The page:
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Overcoming Stage Fright

My first writing gig was as a news reporter for a video game website. My first efforts weren’t great, but they were respectable and I was having fun. Then, I got a note from my editor: “Just wanted to let you know you’re the most read writer on your site and thousands of people read you each week. Keep up the good work, and don’t get stage fright.”


It’s one thing to write for yourself, but it’s completely different when you realize you have an audience. An audience expects certain things and holds you accountable. An audience can criticize and tell you you’re wrong. Worse, they can leave you altogether, making you wish you never knew you had an audience to begin with. This pressure can drastically alter your writing style, leaving your confidence in ruins.

This phenomenon isn’t limited to pulling back the curtain on a readership you never knew existed. It can also happen when you move up to a higher ranking on WriterAccess and claim that first Level 4 assignment when you’ve been a Level 3 for months. Am I good enough? What if the client rejects my work? Can I really do this?

When you start asking yourself these questions, you begin your descent down a slippery slope of self-doubt. But you can negate these feelings by focusing on what got you to your current level and forgetting your negative thoughts.

These tips will help you to get outside your paranoia and get you back to doing what you best – writing great content.

  • Write ANYTHING. It doesn’t matter if it has anything to do with the task at hand – you can always delete it later. Just get the ball rolling and ride the wave of good vibes. You can write about what you did today, about your favorite baseball team, or just a quote you like. Keep your fingers moving, and eventually you’ll get into your zone.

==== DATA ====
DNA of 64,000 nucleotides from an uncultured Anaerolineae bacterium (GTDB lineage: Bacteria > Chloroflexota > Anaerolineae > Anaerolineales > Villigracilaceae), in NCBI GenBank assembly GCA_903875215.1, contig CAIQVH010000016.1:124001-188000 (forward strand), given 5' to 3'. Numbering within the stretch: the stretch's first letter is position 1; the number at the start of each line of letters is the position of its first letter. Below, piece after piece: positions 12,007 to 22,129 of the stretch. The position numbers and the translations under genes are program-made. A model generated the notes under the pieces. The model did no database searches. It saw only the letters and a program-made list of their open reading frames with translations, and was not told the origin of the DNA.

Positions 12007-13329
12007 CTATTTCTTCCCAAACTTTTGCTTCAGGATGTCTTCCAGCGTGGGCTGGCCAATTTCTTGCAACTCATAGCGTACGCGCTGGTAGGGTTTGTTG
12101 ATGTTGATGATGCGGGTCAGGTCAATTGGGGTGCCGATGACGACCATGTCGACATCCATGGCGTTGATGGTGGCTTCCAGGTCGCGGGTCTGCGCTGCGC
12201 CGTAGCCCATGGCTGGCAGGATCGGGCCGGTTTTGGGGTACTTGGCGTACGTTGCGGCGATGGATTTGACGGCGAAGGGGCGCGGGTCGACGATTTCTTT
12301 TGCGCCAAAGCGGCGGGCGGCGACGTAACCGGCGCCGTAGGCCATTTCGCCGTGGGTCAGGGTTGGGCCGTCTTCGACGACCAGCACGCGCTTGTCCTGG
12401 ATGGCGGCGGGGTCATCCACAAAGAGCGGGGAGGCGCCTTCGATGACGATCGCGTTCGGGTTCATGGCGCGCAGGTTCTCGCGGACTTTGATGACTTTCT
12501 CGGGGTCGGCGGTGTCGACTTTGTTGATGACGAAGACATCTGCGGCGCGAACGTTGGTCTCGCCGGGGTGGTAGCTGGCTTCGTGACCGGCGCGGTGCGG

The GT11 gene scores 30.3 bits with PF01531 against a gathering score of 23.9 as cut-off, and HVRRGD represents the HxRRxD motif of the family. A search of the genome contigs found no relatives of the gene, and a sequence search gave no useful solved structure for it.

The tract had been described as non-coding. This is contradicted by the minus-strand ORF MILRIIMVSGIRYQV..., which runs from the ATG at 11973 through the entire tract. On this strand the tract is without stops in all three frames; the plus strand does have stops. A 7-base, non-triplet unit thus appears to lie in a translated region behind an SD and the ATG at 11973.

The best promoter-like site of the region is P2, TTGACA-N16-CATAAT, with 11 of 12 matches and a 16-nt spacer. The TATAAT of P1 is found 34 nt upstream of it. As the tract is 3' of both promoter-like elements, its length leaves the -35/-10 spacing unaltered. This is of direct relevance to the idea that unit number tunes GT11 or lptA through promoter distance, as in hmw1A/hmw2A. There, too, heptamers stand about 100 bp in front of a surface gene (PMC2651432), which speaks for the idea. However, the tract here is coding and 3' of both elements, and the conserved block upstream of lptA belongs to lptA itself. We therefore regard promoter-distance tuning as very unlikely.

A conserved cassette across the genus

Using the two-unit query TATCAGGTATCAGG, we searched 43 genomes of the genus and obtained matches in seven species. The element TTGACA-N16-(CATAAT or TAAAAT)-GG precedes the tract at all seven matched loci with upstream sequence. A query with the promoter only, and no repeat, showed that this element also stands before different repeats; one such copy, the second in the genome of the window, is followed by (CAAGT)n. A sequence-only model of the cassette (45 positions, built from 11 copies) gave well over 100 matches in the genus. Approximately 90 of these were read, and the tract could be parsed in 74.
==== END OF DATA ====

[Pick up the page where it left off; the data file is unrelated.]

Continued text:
• Skip the Intro. Sometimes we get so obsessed with crafting the perfect piece that we lose sight of what’s important. The introduction is a perfect example. You can spend hours on an intro, only to find that the body of your piece doesn’t really work with the intro you worked so hard to produce. Get to the good stuff first, then tack on the introduction afterward.
  • Put it in an email. When you’re in a rut, that blank Word screen is awfully intimidating. Don’t let your word processor win the battle. Open up an email and start banging out your piece. This takes some of the pressure off and lets you feel comfortable enough to take some chances. From there, your momentum will take care of the rest.

The big stage of the top gigs can scare the daylights out of you if you let them. But at the end of the day, content services like WriterAccess and their clients don’t care if you’re feeling a little gun shy. It’s up to you to put your blinders on, forget about your audience and keep things simple. It’s easier said than done, but once you trust yourself, you’ll unlock the door to your true potential.

Bryan B is a freelance writer available on WriterAccess, a marketplace where clients and expert writers connect for assignments.

Guest Author

By WriterAccess

Freelancer Bryan B

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